>
>  But I think that MB has hit on a key appeal of Western Style Buddhism to 
> many Jews.  Instead of constantly acting and reacting, constantly climbing 
> up the ladder (whether that ladder is material success, spiritual 
> accomplishment, or learning Torah) many Ju-Bus find in Buddhism the "Be 
> Here Now" a stillness that is absent from Judaism as practiced in most 
> circles.

Professor Friedman, of the Dept. of Chemistry at BIU, went to study in India 
etc. in his youth.  Many years later, when he became religious, he wrote an 
article which was published in Rav Hesse's Emunot VeDeiOt.

During discussions, ( I was his student) Prof. Friedman once summed up the 
differences between Judaism and Buddhism and other Eastern philosophies:

The Eastern Philosophies deal with "Shev VeAl Ta'aseh".  Reaching Nirvana is 
a complete stillness that does not impact on the world, or as the Prof. used 
to say "does not harm the world".

For Jews, this is insufficient.  We are ordered also "Kum Aseh" -- we have 
the obligation to impact on the world and fix it, to do things.

This would mean that it is quite logical for people who don't want to pursue 
"Kum Aseh", to limit themselves to "Shev VeAl TaAse" - the stillness you 
describe in Eastern philosophies, b/c if they studied Judaism, they would be 
required to do more.

BTW, there are quite a few testimonies of this sort here in Israel.  They 
usually include the point that as the Jewish student reached the highest 
level of study and sought for more, the Eastern teacher, after discussing 
matters with him, sent him back to Israel to learn b/c only Judaism has the 
higher level his soul required.

Shoshana L. Boublil





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Message: 6
From: "kennethgmiller@juno.com" <kennethgmiller@juno.com>
Date: Tue, 20 Nov 2007 11:52:38 GMT
Subject:
Re: [Avodah] What is Mindfulness and does Judaism have it


I was quite confused about this whole thread, and asked the threadstarter, R' Yonatan Kaganoff about it.

For the benefit of others who might be similarly confused, it could be helpful to read the article in Wikipedia titled "Mindfulness". It can be found at http://en.wikipedia.org/wiki/Mindfulness  It is about seven pages long on my screen, and the first paragraph reads:

> Mindfulness (Pali: Sati; Sanskrit: sm'ti) is a technique in
> which a person becomes intentionally aware of their thoughts
> and actions in the present moment, non-judgmentally. It plays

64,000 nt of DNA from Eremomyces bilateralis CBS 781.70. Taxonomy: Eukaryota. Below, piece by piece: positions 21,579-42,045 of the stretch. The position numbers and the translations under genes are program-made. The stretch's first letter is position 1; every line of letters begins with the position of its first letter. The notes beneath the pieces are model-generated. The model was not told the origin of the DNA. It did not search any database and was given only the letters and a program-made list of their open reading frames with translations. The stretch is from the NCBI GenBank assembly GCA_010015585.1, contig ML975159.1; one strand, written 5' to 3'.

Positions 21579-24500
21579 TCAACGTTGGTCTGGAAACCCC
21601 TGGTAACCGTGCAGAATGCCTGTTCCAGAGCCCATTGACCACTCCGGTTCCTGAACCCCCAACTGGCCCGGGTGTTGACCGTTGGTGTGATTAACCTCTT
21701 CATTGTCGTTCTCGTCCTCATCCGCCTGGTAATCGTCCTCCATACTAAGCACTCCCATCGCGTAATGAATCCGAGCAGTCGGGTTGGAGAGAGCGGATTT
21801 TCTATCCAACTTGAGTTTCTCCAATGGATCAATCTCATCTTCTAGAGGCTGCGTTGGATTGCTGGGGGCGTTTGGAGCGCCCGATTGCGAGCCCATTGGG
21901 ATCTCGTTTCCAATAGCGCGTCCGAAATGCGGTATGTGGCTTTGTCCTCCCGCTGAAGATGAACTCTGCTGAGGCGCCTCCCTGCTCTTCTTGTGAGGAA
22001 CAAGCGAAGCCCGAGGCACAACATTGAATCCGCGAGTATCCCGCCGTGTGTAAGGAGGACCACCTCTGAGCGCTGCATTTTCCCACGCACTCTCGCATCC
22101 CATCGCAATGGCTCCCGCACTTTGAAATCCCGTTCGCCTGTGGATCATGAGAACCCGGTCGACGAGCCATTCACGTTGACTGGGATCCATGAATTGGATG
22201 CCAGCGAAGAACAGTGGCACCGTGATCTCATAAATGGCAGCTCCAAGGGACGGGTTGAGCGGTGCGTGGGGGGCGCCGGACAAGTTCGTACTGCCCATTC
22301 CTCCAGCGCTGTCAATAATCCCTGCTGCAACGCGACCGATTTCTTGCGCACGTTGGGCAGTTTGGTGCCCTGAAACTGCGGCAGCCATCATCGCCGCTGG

> a central role in Buddhism, with Right Mindfulness (Pali:
> sammÔ-sati; Sanskrit: samyak-sm'ti) being the seventh element
> of the Noble Eightfold Path, the sadhana of which is held in
> the tradition to engender insight and wisdom. Mindfulness may
> be paralogous in Christianity through the Eastern Orthodox
> hesychastic concept of nepsis.

Akiva Miller




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Message: 7
From: Arie Folger <afolger@aishdas.org>
Date: Tue, 20 Nov 2007 13:25:49 +0100
Subject:
Re: [Avodah] What is Mindfulness and does Judaism have it


RSSimon wrote:
> I wanted to offer a few examples that come to mind when hear
> about "Mindfulness" in Judaism.
<SNIPPED example from RAMBAM>

> 2.  An extreme example of this is the spiritual reason often given
> for O"Ch 2:4 that we put our right shoe on first, to be mindful that
> the "right side", symbolizing chesed, should predominate
<SNIP>
> how is it possible for this to help develop 
> our chesed if we are not mindful of this notion when we are doing
> this halacha?

Little nitpicking: please don't confuse the Sefirah of 'Hessed with 
gemilat 'hessed. With the right over left rule, we at most cultivate 
awareness of the Sefirotic system, i.e., in the kabbalistic scheme of things, 
G"d-awareness, not interpersonal 'hessed (though that should follow from our 
G"d-awareness, too).

> 3.  Why do we cover the challah for kiddush?  So the challah doesn't
> become embarrassed?  Rather, it's (again) to inculcate us to be
> sensitive to embarrassment.

Says who? An ultrarationalist. Many would interpret this literally, lo levazot 
et hamitzvot, even if the 'hallah doesn't know the difference. This might 
belong to proper religious mannerisms.

-- 
Arie Folger
http://www.ariefolger.googlepages.com



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Message: 8
From: "Richard Wolpoe" <rabbirichwolpoe@gmail.com>
Date: Tue, 20 Nov 2007 15:21:44 -0500
Subject:
Re: [Avodah] A few MORE notes on Parshas Vayetzei


On Nov 20, 2007 10:03 AM, SBA <sba@sba2.com> wrote:

> From: "Richard Wolberg" < >
> It has been pointed out that the most striking parallel to this parasha is
> the story of the descent to Egypt. There are so many obvious thematic
> similarities and complete correspondence between the two accounts that it
> figuratively can be regarded as the same tale.
> >>
>
> Interesting.
> And then we have the posuk 'Arami Oved avi - vayeired Mitzrayma'
>
> SBA
>
> The 2 accounts have run parallel in the Haggadah for thousands of years
already. What is new about the parallel between Par'oh and Lavan? Did I miss
something?

-- 
Kol Tuv / Best Regards,
RabbiRichWolpoe@Gmail.com
Please Visit:
http://nishmablog.blogspot.com/
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Message: 9
From: Gershon Seif <gershonseif@yahoo.com>
Date: Tue, 20 Nov 2007 11:09:20 -0800 (PST)
Subject:
[Avodah] origin of Megillas Antiochus


I just received an email which stated the following:

Megillas Antiochus - The Scroll of Antiochus. This